BRASILIA (Reuters) - A Brazilian man who visited Guinea is being tested for Ebola and authorities have preventively isolated a public health unit where he first sought medical attention, Brazil’s Health Minister Marcelo Castro said on Wednesday.
The 46-year-old man arrived in Brazil on Nov. 6 and developed high fever with muscle pains and headaches two days later, he said. Officials declined to provide the man’s name.
Guinea is one of three impoverished West African countries, along with Liberia and Sierra Leone, that have suffered with the most deadly outbreak of the Ebola virus in recent years.
The man sought medical help at an emergency room in Belo Horizonte, the capital of Brazil’s southeastern state of Minas Gerais, the ministry said. That unit is no longer taking patients, the minister said at a new conference.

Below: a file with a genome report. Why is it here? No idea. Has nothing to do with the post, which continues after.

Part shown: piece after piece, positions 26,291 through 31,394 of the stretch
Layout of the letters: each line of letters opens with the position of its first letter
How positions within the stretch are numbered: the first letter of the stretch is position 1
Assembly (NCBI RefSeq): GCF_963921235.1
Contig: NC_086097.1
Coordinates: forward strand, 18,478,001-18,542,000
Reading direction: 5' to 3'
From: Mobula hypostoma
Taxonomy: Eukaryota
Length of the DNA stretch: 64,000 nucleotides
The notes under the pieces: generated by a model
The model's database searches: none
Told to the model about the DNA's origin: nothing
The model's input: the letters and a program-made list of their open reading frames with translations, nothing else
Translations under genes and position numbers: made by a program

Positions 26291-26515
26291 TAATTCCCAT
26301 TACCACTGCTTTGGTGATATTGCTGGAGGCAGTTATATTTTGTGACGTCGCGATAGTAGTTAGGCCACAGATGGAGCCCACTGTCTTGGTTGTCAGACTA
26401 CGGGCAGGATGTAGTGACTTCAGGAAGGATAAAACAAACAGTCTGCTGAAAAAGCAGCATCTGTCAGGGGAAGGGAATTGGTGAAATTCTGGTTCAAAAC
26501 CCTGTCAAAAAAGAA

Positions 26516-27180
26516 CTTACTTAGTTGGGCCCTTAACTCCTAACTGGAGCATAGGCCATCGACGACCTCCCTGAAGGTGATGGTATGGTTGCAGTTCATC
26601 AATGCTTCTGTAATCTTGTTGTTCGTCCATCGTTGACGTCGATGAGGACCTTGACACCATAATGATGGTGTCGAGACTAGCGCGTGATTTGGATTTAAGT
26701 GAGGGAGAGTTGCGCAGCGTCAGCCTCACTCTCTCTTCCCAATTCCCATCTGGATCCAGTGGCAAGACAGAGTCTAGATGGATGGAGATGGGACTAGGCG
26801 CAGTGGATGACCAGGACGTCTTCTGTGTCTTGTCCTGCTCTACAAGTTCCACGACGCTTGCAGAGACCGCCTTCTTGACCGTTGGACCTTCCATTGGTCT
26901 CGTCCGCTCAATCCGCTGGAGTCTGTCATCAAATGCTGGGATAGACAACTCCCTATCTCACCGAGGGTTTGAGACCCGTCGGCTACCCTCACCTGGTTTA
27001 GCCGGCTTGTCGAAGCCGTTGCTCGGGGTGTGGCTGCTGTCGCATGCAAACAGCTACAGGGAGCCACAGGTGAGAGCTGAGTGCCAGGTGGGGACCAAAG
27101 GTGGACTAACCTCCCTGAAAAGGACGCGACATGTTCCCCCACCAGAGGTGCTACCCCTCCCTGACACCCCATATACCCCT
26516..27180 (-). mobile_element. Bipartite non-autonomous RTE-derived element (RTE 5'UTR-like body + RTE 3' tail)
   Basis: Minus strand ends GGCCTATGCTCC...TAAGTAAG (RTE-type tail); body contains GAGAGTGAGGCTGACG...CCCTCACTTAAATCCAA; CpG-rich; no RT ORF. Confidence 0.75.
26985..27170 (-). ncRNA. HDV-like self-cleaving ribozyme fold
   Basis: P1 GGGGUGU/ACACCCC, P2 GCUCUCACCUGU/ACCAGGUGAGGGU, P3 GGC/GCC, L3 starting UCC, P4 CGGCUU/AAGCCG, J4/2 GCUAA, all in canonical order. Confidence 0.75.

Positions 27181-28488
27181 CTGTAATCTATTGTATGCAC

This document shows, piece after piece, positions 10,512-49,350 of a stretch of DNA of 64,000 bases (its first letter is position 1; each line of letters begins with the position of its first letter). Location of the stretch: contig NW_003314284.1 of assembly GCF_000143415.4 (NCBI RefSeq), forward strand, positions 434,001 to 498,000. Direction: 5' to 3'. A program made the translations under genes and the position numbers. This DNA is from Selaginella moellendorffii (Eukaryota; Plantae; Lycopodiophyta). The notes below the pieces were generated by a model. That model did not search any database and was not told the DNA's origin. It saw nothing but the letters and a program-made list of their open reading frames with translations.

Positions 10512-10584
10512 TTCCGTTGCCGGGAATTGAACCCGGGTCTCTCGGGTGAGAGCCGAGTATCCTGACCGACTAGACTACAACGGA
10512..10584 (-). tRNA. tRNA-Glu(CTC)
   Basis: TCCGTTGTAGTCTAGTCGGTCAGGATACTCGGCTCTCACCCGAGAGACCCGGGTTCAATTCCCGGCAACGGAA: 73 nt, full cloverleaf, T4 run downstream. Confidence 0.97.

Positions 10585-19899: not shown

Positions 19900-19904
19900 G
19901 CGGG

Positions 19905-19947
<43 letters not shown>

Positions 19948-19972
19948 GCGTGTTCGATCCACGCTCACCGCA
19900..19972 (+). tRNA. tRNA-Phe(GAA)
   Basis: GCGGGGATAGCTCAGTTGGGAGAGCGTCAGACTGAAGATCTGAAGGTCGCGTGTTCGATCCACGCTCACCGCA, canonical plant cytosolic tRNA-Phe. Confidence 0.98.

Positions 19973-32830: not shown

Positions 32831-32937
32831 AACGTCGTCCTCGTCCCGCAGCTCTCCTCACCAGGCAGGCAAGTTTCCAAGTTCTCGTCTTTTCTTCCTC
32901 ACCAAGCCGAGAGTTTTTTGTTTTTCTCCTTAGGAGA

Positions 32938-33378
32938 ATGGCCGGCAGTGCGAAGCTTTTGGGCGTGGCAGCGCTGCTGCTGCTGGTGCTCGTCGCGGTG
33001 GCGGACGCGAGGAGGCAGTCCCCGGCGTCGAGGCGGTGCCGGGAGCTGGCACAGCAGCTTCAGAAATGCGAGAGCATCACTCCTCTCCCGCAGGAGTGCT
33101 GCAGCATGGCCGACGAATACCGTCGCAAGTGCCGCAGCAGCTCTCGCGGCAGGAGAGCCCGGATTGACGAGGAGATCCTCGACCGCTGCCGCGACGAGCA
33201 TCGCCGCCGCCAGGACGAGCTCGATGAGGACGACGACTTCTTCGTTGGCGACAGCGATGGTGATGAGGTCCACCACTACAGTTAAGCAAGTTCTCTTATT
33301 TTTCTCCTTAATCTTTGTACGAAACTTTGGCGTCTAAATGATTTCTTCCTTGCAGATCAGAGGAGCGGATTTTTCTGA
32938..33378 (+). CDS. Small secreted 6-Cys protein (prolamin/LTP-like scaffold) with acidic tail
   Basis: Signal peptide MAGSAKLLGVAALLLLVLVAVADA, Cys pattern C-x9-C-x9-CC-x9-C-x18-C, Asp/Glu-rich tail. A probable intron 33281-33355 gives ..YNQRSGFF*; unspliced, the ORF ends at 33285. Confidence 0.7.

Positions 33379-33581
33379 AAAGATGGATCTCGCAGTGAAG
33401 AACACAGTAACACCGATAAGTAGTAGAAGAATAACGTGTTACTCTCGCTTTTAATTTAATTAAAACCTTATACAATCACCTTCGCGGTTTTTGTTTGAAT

The man was then quarantined and will be flown in a military plane on Wednesday to Rio de Janeiro, where the government has set up a lab to test blood samples for Ebola according to international security protocols.
Medical workers and other patients who had contact with the man are being monitored by health officials, according to the ministry’s statement.
Castro said Brazil immediately informed international health authorities of the suspected case.
Reporting by Walter Brandimarte and Anthony Boadle; Editing by Andrew Hay and David Gregorio